The history of the Denver omelet is somewhat murky. (May I say that it’s scrambled?) This savory concoction of eggs, ham, green bell peppers, onions, and cheese is said to have been popular with cowboys working on cattle drives. But some people say it was popularized by Chinese cooks working on the transcontinental railroad (a portable egg foo yung?) This baked Denver omelet takes only 30 minutes and is perfect for brunch.


Connecticut is the "nutmeg state." These cinnamon-nutmeg-oatmeal muffins are moist and tender with a crunchy top—and they will make your whole house smell delicious!


Peach pie is the official dessert of Delaware. Here’s a healthy breakfast alternative. Peach pie pancakes have the same sweet flavor as peach pie, but they’re also packed with eight grams of protein.


Did you know that Florida is the second-largest producer of citrus in the world? And they are the largest producer of 100-percent orange juice in the United States. Sure, you could start your day with a simple glass of OJ. Instead of simple, why not simply delicious with these glazed orange juice muffins?


Georgia is known as the peach state (there’s even a peach on the license plates) because Georgia growers have a reputation for producing fruits of the highest quality. Peach cobbler french toast bake is prepared the night before. In those wee hours, while you are sleeping, the bread soaks up all that luscious, sweet, eggy custard.


It’s time to go for something healthy. I’m in the mood for a meal-in-a-glass breakfast drink. This Hawaiian tropical smoothie contains all the tropical flavors we associate with the islands—coconut, coconut milk, kiwi, banana, and (of course) pineapple. It’s sweet, creamy, vegan, and dairy-free.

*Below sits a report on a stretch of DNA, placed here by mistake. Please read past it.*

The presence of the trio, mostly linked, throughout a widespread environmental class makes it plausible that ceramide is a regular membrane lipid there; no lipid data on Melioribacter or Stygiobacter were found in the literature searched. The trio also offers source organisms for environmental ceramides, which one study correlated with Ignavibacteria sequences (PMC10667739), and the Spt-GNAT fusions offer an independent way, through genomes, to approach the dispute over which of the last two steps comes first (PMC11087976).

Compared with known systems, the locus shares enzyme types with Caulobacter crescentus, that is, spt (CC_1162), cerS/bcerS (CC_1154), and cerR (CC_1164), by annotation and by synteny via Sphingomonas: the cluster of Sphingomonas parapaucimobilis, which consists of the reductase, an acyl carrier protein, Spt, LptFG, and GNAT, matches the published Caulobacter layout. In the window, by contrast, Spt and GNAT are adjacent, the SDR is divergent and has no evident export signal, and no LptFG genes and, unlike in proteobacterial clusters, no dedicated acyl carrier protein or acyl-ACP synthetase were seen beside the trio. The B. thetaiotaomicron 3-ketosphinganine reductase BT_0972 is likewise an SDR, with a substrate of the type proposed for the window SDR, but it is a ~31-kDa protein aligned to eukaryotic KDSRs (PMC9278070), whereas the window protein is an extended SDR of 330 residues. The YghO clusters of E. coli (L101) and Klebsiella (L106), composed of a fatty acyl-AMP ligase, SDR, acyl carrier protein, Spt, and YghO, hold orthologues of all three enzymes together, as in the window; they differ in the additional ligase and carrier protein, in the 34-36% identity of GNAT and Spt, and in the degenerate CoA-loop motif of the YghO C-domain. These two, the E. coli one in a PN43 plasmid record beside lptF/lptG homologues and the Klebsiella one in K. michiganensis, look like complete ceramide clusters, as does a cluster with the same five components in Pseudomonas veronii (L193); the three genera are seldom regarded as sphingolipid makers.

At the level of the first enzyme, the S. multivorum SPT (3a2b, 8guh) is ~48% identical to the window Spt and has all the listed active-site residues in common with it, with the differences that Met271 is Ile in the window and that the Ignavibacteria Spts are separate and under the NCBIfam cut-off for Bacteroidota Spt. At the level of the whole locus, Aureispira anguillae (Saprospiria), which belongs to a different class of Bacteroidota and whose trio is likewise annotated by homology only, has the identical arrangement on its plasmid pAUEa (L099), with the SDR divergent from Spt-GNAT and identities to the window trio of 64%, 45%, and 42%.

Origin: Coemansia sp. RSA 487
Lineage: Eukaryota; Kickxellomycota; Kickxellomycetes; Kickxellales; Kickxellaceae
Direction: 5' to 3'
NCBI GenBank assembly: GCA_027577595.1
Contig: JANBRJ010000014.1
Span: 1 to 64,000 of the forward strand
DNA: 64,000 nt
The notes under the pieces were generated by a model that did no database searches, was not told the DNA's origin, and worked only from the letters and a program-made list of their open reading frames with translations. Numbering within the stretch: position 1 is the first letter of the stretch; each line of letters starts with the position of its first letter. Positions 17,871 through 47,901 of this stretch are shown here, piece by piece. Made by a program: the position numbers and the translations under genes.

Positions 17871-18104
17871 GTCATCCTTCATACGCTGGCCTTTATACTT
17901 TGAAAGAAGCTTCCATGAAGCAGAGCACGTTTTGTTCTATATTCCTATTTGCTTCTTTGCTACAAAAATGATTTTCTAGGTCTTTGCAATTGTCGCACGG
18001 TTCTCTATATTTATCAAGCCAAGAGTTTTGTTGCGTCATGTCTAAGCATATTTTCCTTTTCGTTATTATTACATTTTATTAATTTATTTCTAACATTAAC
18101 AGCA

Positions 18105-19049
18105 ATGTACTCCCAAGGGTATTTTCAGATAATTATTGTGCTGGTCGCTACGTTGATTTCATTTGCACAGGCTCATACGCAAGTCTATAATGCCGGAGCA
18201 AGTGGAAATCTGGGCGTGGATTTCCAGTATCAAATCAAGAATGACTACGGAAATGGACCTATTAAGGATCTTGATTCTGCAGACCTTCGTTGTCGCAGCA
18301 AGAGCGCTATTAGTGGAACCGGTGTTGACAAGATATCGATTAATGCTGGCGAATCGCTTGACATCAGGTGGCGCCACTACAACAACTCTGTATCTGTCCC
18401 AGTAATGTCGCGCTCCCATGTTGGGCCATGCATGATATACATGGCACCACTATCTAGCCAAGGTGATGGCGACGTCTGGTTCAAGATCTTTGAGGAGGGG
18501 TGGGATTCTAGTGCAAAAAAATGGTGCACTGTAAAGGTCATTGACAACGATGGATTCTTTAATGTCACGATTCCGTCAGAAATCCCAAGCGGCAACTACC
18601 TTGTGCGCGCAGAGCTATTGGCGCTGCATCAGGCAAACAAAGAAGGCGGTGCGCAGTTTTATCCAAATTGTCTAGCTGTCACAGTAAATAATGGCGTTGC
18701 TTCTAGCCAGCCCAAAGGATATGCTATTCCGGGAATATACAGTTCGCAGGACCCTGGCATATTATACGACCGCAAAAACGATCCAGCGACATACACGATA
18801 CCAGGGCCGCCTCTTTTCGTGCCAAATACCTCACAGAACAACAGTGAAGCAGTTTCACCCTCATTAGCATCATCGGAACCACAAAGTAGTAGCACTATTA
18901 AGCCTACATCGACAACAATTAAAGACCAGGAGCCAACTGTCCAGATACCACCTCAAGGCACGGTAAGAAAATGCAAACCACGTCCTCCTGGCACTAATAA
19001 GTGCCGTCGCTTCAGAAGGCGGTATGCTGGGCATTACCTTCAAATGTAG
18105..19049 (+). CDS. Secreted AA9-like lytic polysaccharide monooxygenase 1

What do we know about Idaho?

  • It’s nicknamed the Gem State—72 precious and semi-precious stones are found there.
  • Hells Canyon in northern Idaho is the deepest river gorge in North America.
  • The majority of the nation’s trout comes from there.

But what Idaho is best known for is the potato. Anyone can do hash browns or cottage fries (boring). Have you ever considered a twice-baked potato for the first meal of the day? The Idaho Sunrise, baked potatoes filled with bacon, sausage, eggs, and cheese is the perfect brunch meal.


For 21 years Ann Sather worked at a meat-processing plant, but this was not her life’s ambition. She wanted to operate a restaurant where she could offer kindness, hospitality, and low-cost home-style meals. Her dream became a reality in 1945 when the owners of a local restaurant posted a For Sale sign in their window. Ann quit her job, plunked down her life savings ($4,000), and bought The Swedish Diner. It was renamed Ann Sather’s Restaurant and became the go-to spot for comforting meals of Swedish meatballs, fruit soup, bottomless coffee, and, most notably, Ann Sather cinnamon rolls. After 35 years, Ann retired and sold her business to Tom Tunney who promised to stay true to Ann’s original recipe.


Morels in Indiana are about as common as a Starbucks in Washington State (they’re everywhere) and that’s why I think this morel mushroom and feta frittata should be declared the state breakfast of Indiana.


Situated between the Missouri and Mississippi Rivers, this Midwest state of rolling plains is definitely corn country. Iowa leads the nation in the production of corn.